Technology Collaboration Programme


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Major Developments in 2022

In 2022, the number of battery electric passenger cars skyrocketed, passing a total amount of 100,000, with a growth rate of 69%. The expansion of the EV charging infrastructure took a significant leap as the total amount of Ultrafast-High power chargers (≥ 150kW) more than tripled from 243 in 2021 to 784 in 2022. BEVs accounted for 20% of new passenger car registrations. The BEV share of new car sales reflected BEVs as the preferred alternative to internal combustion engine cars. BEVs overtook HEVs and PHEVs in both new registrations and total stock. PHEV registrations were equivalent to about 18% of registrations, in 2022. Electric buses accounted for 60% of new registrations in 2022, taking a majority share of new registrations. In comparison, the share of electric buses, in 2021, corresponded to 35% of the registrations.

New policies, legislation, incentives, funding, research, and taxation

Moving towards 2030, the tax policies will gradually relieve incentives favoring EVs and PHEVs, as they become more mainstream. PHEVs have been criticized for their real-world electricity share being lower than advertised. The tax exemption rate for PHEVs decreased in 2022, meaning that the price of a medium class PHEV of around €47,000 increased by approximately €2,000, compared to 2021. For BEVs, only cars with costs higher than €63,000 were affected by adjustments to the conditions compared to 2021—and to a relatively more limited extent. In 2022, the Danish parliament modified the taxation of electric and plug-in hybrid company cars. The new rules will be active from 2023 up until 2026.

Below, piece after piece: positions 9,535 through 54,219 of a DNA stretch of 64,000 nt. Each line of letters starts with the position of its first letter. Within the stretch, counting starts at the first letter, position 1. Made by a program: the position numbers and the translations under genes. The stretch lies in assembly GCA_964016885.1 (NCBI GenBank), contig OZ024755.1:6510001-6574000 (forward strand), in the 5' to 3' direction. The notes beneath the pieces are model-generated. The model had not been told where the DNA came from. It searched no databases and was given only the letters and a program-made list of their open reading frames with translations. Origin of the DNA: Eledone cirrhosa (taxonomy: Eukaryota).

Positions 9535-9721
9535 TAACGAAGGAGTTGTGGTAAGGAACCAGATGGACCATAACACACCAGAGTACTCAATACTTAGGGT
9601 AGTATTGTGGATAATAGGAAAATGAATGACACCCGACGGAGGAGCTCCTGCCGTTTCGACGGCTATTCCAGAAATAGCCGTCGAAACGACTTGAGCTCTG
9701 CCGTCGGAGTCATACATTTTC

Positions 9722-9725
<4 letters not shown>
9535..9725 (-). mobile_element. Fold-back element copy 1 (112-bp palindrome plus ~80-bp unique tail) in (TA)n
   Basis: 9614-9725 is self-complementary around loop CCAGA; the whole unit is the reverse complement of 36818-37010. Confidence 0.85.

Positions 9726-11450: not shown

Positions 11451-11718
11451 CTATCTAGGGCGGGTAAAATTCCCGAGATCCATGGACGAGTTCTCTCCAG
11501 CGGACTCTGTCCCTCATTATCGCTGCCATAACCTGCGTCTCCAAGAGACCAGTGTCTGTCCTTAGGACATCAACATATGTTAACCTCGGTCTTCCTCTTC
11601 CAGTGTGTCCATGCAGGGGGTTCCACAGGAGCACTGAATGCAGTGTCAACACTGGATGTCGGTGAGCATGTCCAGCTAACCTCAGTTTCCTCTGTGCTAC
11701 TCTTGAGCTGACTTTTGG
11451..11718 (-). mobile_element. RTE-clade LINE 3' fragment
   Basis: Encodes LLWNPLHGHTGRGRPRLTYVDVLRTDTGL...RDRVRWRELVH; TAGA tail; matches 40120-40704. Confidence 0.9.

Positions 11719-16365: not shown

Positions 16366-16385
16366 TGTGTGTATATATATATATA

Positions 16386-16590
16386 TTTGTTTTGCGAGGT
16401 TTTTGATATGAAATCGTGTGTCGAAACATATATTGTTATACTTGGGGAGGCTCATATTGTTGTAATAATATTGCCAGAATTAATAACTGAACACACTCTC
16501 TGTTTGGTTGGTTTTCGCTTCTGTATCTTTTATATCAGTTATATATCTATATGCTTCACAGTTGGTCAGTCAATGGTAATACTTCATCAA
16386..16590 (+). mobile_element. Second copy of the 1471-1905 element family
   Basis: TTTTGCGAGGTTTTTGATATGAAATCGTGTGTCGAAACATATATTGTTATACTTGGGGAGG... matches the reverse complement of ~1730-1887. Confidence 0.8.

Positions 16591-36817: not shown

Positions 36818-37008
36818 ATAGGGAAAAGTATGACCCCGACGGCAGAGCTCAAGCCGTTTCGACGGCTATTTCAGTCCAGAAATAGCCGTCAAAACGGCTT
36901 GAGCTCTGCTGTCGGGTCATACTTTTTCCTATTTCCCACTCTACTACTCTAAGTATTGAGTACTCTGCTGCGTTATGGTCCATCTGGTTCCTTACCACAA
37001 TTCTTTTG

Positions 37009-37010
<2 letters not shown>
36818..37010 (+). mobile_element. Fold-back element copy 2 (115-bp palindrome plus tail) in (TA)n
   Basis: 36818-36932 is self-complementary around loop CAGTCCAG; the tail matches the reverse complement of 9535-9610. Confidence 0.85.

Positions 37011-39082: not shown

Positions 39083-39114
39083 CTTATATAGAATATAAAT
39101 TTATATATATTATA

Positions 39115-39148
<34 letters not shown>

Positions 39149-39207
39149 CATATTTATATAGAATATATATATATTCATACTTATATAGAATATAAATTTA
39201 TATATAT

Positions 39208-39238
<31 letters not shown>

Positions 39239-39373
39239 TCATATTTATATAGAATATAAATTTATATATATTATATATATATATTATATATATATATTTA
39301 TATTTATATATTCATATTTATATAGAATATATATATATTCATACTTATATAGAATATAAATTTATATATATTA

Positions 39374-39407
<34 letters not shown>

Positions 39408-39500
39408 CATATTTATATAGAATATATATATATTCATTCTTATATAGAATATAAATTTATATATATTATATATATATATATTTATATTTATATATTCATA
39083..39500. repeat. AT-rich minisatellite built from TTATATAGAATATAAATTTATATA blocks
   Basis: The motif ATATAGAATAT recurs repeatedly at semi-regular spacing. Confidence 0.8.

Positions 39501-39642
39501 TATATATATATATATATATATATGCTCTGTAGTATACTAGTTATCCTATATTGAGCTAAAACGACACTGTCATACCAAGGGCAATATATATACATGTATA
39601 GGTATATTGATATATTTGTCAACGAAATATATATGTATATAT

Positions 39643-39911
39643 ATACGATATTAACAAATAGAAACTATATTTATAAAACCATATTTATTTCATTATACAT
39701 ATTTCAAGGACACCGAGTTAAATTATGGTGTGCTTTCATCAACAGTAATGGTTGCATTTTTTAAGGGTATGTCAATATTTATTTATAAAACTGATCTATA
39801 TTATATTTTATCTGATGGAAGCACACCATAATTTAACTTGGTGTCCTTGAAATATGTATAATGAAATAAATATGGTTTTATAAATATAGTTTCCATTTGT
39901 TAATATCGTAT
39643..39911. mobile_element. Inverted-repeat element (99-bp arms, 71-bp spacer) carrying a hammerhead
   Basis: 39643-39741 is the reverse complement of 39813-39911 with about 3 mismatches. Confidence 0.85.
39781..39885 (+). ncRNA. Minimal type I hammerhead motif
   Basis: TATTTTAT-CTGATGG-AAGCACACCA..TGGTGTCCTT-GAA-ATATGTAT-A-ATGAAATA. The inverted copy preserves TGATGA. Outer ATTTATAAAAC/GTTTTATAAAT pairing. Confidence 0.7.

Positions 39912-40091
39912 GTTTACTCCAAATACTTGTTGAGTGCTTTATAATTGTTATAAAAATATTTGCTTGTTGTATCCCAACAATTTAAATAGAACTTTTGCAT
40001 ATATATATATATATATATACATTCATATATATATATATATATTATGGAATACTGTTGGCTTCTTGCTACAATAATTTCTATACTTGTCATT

Denmark is currently working towards a 70% economy-wide reduction of GHG emissions by 2030, compared to 1990-levels. The transport sector is one of the largest sectors in terms of greenhouse gasses, with private road cars being responsible for the majority of the emissions. Therefore, the whole sector is required to reduce the emissions levels significantly in the lead up to 2030. Looking forward towards 2030 and 2035, EVs are considered the dominant alternative to ICE drivetrains. The development of hydrogen-related fuels and drivetrains may well play a role, especially within freight and heavy-duty transport. But the continued development is yet to determine which technologies will dominate as alternatives to ICE drivetrains within and across the various segments of road transport.